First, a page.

3. Our son wanted to build something that the community would use for years to come. A trail hardening boardwalk in a public park was the answer. The grade of the materials was very specific, expensive and was availble by special order. The park conversancy already had an arrangement with Causevox. They created a page with a rendering of the finished project and a description. Donors could leave their good wishes and received a thank you reply. About 600 of 800 dollars was raised this way. The organization controlled the money. The application to fundraise was approved by the SM and District advancemqnt chair. In the end the project went well and survived Super Storm Sandy.

  4. “the BSA prefers there not be any fundraising at all” Could you explain the reasoning of why the BSA prefers there not be any fundraising?

      • “spending a fortune” versus “no fundraising at all” are two ends of a spectrum.

        I think the BSA is doing a disservice here. Emphasizing “no fundraising at all” may put the burden on the youth to seek donations from family and friends, which is the opposite of how we try to teach scouts the lesson of earning money to pay their own way in scouting instead of relying on the bank accounts of mom and dad.

        I cringe every time a scout tells me that their parents are paying for their Eagle project rather than performing a fundraiser.

        • I thought the explanation (for better or worse) was listed above:

          “The BSA prefers little or no fundraising primarily because of legal issues relating to accounting and receipting for funds, custodial responsibilities, potential tax deduction issues, and so forth. ”

          Here’s some of my “so forths”. Remember there is a “contract” with these services that must be “signed” by an adult and the donations go to the beneficiary. Make sure they don’t have any internal restrictions on using these types of sites and if asked they will provide any tax donation receipts to the donors. The funds raised must also be held by the beneficiary or the unit and you need to factor in that your $100 donation only nets you $92.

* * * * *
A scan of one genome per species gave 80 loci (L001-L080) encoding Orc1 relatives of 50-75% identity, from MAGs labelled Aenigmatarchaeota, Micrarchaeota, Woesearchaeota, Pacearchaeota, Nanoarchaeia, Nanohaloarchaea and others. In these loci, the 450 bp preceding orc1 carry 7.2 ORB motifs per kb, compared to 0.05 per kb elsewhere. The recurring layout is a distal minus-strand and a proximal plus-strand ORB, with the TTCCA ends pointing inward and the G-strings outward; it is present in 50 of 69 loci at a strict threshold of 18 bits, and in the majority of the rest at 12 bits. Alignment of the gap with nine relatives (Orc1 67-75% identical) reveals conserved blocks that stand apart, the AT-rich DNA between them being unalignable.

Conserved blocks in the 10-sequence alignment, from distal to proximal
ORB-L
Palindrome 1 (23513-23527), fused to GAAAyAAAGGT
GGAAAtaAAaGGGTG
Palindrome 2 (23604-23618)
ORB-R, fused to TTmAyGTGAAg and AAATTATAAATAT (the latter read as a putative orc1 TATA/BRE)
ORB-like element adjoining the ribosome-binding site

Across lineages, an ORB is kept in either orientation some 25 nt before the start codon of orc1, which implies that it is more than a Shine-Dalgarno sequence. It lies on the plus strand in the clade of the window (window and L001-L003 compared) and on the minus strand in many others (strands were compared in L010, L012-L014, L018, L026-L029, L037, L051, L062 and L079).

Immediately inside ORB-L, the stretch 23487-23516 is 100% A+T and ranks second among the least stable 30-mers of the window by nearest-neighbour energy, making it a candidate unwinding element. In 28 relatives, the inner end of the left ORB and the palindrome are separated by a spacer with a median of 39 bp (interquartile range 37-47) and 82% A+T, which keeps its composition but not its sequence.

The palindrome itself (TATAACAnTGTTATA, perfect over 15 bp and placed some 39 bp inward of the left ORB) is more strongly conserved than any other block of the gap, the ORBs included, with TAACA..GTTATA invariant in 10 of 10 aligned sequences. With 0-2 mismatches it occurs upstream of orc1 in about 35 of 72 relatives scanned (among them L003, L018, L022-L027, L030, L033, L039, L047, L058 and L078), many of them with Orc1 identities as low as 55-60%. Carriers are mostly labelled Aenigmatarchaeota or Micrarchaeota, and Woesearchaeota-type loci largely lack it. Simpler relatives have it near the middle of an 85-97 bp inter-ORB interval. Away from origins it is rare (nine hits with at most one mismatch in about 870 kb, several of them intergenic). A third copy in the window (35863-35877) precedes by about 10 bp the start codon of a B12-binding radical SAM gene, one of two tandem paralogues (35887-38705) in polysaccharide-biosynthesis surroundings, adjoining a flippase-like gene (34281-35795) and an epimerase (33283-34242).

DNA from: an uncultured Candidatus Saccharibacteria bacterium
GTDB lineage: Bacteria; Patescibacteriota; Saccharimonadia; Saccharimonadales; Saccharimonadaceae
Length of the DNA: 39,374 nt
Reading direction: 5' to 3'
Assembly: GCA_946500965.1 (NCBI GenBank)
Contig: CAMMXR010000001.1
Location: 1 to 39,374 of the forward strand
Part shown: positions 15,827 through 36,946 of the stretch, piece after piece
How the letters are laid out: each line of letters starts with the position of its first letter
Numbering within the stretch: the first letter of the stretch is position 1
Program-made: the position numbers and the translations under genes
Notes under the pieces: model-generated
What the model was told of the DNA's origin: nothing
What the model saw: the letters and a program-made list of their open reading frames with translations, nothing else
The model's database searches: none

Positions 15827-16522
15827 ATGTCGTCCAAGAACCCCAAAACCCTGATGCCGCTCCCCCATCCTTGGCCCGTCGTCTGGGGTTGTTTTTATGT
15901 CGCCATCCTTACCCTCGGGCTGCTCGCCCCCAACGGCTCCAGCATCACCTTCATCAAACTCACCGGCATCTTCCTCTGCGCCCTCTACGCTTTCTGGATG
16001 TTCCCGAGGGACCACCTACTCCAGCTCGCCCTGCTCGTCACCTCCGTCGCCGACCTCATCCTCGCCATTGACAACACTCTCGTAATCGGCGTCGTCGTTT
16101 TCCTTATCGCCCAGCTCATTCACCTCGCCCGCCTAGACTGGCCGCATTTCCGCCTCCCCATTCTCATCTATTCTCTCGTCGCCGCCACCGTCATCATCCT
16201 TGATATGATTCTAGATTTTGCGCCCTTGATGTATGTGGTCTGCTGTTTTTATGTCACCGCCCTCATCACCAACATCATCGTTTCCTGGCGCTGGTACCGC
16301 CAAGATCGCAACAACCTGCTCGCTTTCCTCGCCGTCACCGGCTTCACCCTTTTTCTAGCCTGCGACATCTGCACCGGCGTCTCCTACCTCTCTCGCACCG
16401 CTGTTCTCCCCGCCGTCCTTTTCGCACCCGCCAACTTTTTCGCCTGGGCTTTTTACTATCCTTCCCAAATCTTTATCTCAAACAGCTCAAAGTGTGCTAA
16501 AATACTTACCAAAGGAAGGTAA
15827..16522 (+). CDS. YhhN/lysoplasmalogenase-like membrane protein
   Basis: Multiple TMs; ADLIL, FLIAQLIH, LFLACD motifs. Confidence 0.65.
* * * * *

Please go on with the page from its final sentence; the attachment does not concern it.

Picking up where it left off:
5. Another route seldom chosen: My own Eagle project used less then 10$ in materials. I funded it out of my own pocket.

  6. Just a comment on low-cost Eagle projects — one of our Scouts did his project for a local youth camp, the assignment was to clear small trees and brush from a hillside at the camp to create a sledding hill for the winter. No construction, no fancy additions, just a weekend of Scout labor. Final cost? Zilch!

  7. This gives me a new idea….I have a lot of boys who would like to go to the ‘Grand Slam’ of High Adventure, but the cost is prohibitive to go to even one. Travel is about as much as the cost of attending. So, would crowdfunding work for a specific trip to Philmont, Northern Tier or Seabase? Just curious, never thought of this before (though I believe I have thought of every OTHER fundraising method).

    • I recently saw a young lady from my area using a crowdfunding campaign to cover the cost of her trip to represent the US Team at the upcoming Archery World Championships in Croatia, so it definitely seems like it is possible to do something of that nature on a crowdfunding site.

    • Sorry, Scoutmaster Phil, but the Unit Money Earning Application is pretty specific about this one:
      “7. Will the fund-raising project avoid soliciting money or gifts?
      The BSA Rules and Regulations state, “Youth members shall not be permitted to serve as
      solicitors of money for their chartered organizations, for the local council, or in support of other organizations. Adult and youth members shall not be permitted to serve as solicitors of money in support of personal or unit participation in local, national, or international events.””

      I wish we could, as I think there are plenty of folks out there who would be willing to contribute to Scouts traveling to a Jamboree, High Adventure Base, etc. We just have to find other ways of accessing their contributions. 🙁

      • Without fundraising, which requires work, solicitation on their behalf to explain their work or project, and also time- how would any organization say to do these things, but you cannot raise funds. It is absolutely contradicting to me.